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on October 11, 2017
I actually bought two Scarlet Letters--one in this paperback edition for my wife to read; the second on Kindle, which I read. The Scarlet Letter is one of those books that you read in high school (as I did back in high school in 57 to 61). Then you tend to forget how good it was. The book was actually a national best seller--in 1851.

It remains an interesting story about the choices that people make--including silence---and the consequences of those choices. I bought the book(s) because our book club wanted to read a "classic" and this novel definitely is one. It's not terribly long and is well worth the reader's time.
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on October 10, 2017
I figured out why I hated this book so much in high school:

First and foremost, the pretentious, overly-long syntax. I can imaging Hawthorne today as that guy who *is* very smart, but wants everybody to know how smart he is by the way he speaks, using extensive and seldom-used vocabulary. He clearly realizes that his syntax is too long because he often has to begin a sentence a second time in the middle of the sentence. He's taken so long to get to the point that even he has to go back to the beginning. The effect of all this language and detail is stunning, but it often takes so long to read because of its loquaciousness, that the reader may often get bored and simply want him to be done with it.

Additionally, I've always preferred dialogue over straight narration. There is precious little dialogue overall in this book. The details were lost on me. I really don't know how to analyze why or what I got out of dialogue that I didn't with Hawthorne's style. Perhaps it all had to do with feeling as though the narrative was moving forward. Again, Hawthorne's bombastic style must have made me feel stuck in the muck of details, mostly having to do with emotions, which I had little reference for appreciation.

What I remember most disliking, however, was a feeling of great frustration over not understanding how Pearl was supposed to symbolize the most precious thing God could give Hester after trading a respected place in her community. Personally, to be ostracized and isolated was - and perhaps still is - the worst form of punishment. At that age especially, physical pain would have been far more preferable a form of penance than forsaking all other pleasant peer interaction. Pearl, then, the living embodiment of the parable, is supposed to be this perfect thing for which all earthly goods, wealth, treasure, what-have-you, is supposed to be a perfect thing, worthy of such a trade. Pearl. Is. Weird. She is not sympathetic to her mother's woes, she is freaky intelligent, much more so than any child her age should be, which seemed to me at the time I first read the book to be downright ... Just freaky. I couldn't sympathize with her, and I liked kids! This kid was beyond my comprehension. She was weird, and I felt like Hester got a bad deal. I get it now. I get that Pearl is meant to be other-worldly until the minister finally confesses and reveals himself. Pearl had constantly asked him to do as much and was denied repeatedly. The confession broke the spell that they seemed to be under, and Pearl suddenly became a normal, loving child. I may have more to say yet on this matter, but for now, I am at work and feel compelled to move on.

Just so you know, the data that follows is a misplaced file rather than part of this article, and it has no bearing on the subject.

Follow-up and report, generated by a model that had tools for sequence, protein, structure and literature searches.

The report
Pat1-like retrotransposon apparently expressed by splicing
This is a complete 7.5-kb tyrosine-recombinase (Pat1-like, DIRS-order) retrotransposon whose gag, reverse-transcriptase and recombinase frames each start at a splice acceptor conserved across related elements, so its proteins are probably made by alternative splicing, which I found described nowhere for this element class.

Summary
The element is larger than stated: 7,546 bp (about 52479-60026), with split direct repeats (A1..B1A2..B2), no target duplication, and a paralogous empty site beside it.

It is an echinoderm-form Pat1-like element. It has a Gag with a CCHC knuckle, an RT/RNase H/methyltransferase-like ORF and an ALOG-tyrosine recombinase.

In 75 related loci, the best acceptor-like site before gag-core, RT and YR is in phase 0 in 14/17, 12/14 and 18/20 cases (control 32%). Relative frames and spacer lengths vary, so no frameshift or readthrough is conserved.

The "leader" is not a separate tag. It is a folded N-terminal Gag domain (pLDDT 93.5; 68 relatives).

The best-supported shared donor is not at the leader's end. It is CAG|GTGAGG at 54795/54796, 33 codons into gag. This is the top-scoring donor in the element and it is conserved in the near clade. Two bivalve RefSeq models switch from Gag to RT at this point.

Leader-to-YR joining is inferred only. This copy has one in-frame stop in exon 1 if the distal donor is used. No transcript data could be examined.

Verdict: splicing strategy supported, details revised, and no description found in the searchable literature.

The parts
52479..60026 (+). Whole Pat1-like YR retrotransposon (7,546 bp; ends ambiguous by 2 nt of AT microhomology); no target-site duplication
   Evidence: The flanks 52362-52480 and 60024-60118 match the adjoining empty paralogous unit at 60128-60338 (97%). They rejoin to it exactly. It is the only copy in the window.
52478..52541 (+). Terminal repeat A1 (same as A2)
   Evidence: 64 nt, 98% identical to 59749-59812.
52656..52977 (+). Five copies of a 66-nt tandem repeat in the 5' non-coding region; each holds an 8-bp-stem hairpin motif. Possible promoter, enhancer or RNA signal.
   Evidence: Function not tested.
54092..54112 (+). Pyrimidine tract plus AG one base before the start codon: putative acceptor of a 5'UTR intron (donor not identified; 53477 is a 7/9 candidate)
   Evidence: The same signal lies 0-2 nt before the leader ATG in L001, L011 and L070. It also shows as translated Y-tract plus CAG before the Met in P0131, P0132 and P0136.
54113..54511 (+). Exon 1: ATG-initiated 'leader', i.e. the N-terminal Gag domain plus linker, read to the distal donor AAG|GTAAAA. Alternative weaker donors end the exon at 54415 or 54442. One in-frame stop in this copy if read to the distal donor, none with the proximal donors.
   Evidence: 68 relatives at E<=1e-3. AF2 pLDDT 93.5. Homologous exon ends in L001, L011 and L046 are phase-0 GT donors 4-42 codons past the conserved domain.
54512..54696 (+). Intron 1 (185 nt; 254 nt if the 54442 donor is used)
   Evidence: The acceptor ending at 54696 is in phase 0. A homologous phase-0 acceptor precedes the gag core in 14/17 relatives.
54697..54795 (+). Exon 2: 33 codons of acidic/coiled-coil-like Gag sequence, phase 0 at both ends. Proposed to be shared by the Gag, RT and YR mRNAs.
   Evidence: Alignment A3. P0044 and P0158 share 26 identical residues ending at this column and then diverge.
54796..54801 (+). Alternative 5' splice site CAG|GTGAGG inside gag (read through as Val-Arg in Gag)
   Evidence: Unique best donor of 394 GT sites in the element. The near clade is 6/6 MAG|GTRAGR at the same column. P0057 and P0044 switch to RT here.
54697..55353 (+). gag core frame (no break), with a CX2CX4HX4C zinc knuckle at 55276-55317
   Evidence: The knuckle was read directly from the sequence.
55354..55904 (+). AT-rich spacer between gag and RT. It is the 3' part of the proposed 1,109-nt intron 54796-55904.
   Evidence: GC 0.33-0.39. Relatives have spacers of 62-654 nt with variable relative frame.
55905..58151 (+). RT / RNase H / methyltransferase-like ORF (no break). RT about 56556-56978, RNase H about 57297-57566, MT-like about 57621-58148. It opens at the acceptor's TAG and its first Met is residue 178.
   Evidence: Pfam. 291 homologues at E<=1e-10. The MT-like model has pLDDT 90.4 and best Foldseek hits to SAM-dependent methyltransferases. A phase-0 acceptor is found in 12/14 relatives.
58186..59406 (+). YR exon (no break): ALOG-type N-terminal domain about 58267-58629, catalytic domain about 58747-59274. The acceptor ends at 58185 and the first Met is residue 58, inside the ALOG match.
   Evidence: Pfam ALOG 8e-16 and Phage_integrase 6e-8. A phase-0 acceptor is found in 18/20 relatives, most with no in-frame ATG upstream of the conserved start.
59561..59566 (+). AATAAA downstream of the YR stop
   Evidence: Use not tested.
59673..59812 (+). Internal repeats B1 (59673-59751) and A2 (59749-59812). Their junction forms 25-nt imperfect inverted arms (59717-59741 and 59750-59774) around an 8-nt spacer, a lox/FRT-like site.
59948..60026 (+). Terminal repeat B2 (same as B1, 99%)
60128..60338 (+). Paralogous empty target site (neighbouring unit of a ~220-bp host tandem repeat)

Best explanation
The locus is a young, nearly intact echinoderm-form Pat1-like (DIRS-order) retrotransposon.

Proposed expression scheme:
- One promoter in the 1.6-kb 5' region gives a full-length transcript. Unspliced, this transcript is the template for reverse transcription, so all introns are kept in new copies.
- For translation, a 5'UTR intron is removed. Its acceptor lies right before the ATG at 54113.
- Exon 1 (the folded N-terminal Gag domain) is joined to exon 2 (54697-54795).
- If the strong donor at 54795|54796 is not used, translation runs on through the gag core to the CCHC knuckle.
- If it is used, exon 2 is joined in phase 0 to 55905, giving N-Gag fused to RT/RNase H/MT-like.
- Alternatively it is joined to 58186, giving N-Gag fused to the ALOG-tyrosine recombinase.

Today, I have a better appreciation, but I still think the style is a bit ridiculous. It's impressive, to be sure. His symbolism and tension building is well-wrought. His characterization is sublime.

But Pearl is still weird!
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on June 14, 2014
The "Puritans" were those who wanted to to rid -- "purify" -- the Church of England of any and all Roman Catholic -- "papist" -- practices. Persecuted by members of the Church of England, many Puritans emigrated to New England and settled throughout. They brought with them their beliefs and practices, many of which were extremely austere and severe.

Nathaniel Hawthorne's "The Scarlet Letter" is set in the late 1600's and early 1700's in "Puritan" Boston. The story is about fornication and adultery and the consequences those acts -- "sins" -- have on the lives of four people. The story goes into some very dark places of the mind. However, in the end, "light and love" prevail over "darkness and evil".

All-in-all I think the story has a happy ending. I loved it!